Three-year Wilkinson Microwave Anisotropyprobe (WMAP1) observations: Temperature analysis

G. Hinshaw, M. R. Nolta, C. L. Bennett, R. Bean, O. Doré, M. R. Greason, M. Halpern, R. S. Hill, N. Jarosik, A. Kogut, E. Komatsu, M. Limon, N. Odegard, S. S. Meyer, L. Page, H. V. Peiris, D. N. Spergel, G. S. Tucker, L. Verde, J. L. WeilandE. Wollack, E. L. Wright'

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We present new full-sky temperature maps in five frequency bands from 23 to 94 GHz, based on data from the first 3 years of the WMAP sky survey. The new maps are consistent with the first-year maps and are more sensitive. The 3 year maps incorporate several improvements in data processing made possible by the additional years of data and by a more complete analysis of the polarization signal. These include several new consistency tests as well as refinements in the gain calibration and beam response models. We employ two forms of multifrequency analysis to separate astrophysical foreground signals from the CMB, each of which improves on our first-year analyses. First, we form an improved "Internal Linear Combination" (ILC) map, based solely on WMAP data, by adding a bias-correction step and by quantifying residual uncertainties in the resulting map. Second, we fit and subtract new spatial templates that trace Galactic emission; in particular, we now use low-frequency WMAP data to trace synchrotron emission instead of the 408 MHz sky survey. The WMAP point source catalog is updated to include 115 new sources whose detection is made possible by the improved sky map sensitivity. We derive the angular power spectrum of the temperature anisotropy using a hybrid approach that combines a maximum likelihood estimate at low l (large angular scales) with a quadratic cross-power estimate for l > 30. The resulting multifrequency spectra are analyzed for residual point source contamination. At 94 GHz the unmasked sources contribute 128 ± 27 μK2 to l (l + 1)C l/2π at l = 1000. After subtracting this contribution, our best estimate of the CMB power spectrum is derived by averaging cross-power spectra from 153 statistically independent channel pairs. The combined spectrum is cosmic variance limited to l = 400, and the signal-to-noise ratio per l-mode exceeds unity up to l = 850. For bins of width Δl/l = 3%, the signal-to-noise ratio exceeds unity up to l = 1000. The first two acoustic peaks are seen at l = 220.8 ± 0.7 and l = 530.9 ±3.8, respectively, while the first two troughs are seen at l = 412.4 ± 1.9 and l = 675.2 ± 11.1. The rise to the third peak is unambiguous; when the WMAP data are combined with higher resolution CMB measurements, the existence of a third acoustic peak is well established. Spergel et al. use the 3 year temperature and polarization data to constrain cosmological model parameters. A simple six-parameter ACDM model continues to fit CMB data and other measures of large-scale structure remarkably well. The new polarization data produce a better measurement of the optical depth to reionization, τ = 0.089 ± 0.03. This new and tighter constraint on τ helps break a degeneracy with the scalar spectral index, which is now found to be ns = 0.960 ± 0.016. If additional cosmological data sets are included in the analysis, the spectral index is found to be ns = 0.947 ± 0.015.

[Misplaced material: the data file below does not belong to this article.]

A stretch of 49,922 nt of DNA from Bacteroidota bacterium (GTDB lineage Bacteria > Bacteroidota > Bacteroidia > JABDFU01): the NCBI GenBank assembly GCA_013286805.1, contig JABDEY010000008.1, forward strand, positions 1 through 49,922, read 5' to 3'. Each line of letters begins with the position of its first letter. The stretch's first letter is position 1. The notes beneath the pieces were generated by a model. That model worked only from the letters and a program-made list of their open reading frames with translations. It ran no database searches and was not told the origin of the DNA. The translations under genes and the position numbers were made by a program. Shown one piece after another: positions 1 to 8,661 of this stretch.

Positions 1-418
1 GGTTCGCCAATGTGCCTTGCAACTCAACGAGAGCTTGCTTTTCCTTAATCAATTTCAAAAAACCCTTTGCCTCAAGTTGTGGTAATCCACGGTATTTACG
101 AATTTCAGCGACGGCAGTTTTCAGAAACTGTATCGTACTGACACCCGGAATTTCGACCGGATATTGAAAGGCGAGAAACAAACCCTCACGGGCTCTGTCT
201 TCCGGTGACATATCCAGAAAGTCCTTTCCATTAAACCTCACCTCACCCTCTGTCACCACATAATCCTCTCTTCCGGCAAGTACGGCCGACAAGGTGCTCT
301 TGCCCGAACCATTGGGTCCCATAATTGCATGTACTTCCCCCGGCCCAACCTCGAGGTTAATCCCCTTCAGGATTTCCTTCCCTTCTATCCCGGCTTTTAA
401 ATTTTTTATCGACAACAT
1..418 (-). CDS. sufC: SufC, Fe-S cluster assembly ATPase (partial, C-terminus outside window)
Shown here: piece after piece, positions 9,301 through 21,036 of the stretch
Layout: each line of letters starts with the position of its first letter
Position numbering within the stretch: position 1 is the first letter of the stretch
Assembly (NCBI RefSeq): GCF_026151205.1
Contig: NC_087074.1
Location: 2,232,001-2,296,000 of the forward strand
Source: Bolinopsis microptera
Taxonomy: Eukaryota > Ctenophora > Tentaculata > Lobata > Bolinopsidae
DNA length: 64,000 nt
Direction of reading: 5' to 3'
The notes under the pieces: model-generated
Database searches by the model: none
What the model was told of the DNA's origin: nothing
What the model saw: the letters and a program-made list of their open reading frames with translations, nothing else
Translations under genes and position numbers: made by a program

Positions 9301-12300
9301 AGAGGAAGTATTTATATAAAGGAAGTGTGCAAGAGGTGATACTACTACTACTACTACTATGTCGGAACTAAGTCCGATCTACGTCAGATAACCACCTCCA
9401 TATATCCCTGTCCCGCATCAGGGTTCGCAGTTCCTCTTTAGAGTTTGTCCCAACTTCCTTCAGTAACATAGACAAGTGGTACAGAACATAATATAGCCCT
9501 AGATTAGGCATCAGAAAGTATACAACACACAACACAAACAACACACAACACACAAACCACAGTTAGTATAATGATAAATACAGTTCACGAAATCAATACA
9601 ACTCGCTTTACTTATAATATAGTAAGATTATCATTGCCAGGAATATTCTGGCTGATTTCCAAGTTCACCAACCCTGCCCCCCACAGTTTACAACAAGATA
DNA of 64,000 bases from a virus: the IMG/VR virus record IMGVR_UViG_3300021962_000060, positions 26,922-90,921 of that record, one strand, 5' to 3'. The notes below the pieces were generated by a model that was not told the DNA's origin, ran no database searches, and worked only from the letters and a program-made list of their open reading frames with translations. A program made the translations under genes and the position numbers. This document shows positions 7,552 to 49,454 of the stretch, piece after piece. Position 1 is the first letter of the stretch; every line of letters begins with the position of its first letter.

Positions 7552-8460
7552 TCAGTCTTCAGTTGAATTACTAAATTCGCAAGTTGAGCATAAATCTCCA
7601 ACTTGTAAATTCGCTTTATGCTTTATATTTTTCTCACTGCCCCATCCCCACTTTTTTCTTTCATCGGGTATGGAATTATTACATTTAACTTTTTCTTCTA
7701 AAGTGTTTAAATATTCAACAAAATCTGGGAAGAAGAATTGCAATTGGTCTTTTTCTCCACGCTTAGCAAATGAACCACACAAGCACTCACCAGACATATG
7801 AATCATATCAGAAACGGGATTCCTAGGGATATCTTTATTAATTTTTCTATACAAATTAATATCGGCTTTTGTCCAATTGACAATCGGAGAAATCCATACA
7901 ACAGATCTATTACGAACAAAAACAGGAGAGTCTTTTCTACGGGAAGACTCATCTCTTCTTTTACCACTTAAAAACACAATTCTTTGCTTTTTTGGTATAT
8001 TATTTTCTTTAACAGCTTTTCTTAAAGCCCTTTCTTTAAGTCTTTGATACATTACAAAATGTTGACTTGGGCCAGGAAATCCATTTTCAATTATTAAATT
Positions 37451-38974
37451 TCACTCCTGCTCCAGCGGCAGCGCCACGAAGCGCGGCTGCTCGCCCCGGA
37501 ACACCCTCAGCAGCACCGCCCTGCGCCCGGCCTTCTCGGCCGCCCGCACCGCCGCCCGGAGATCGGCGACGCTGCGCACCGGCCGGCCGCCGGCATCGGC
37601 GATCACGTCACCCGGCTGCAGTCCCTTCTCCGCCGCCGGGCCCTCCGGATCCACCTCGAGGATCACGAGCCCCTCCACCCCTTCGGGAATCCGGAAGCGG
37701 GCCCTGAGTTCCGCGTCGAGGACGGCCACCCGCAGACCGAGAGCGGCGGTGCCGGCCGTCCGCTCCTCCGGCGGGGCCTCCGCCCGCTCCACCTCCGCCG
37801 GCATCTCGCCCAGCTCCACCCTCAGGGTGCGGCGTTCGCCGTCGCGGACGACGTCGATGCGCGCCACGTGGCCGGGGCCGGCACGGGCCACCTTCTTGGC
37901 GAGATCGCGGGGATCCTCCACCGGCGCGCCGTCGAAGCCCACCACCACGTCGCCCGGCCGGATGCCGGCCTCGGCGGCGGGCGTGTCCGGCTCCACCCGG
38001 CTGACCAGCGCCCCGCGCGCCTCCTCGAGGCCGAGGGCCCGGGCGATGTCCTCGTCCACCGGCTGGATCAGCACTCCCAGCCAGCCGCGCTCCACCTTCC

Original languageEnglish (US)
Pages (from-to)288-334
Number of pages47
JournalAstrophysical Journal, Supplement Series
Issue number2
StatePublished - Jun 2007

All Science Journal Classification (ASJC) codes

  • Astronomy and Astrophysics
  • Space and Planetary Science


  • Cosmic microwave background
  • Cosmology: observations
  • Dark matter
  • Early universe
  • Instrumentation: detectors
  • Space vehicles: instruments
  • Telescopes


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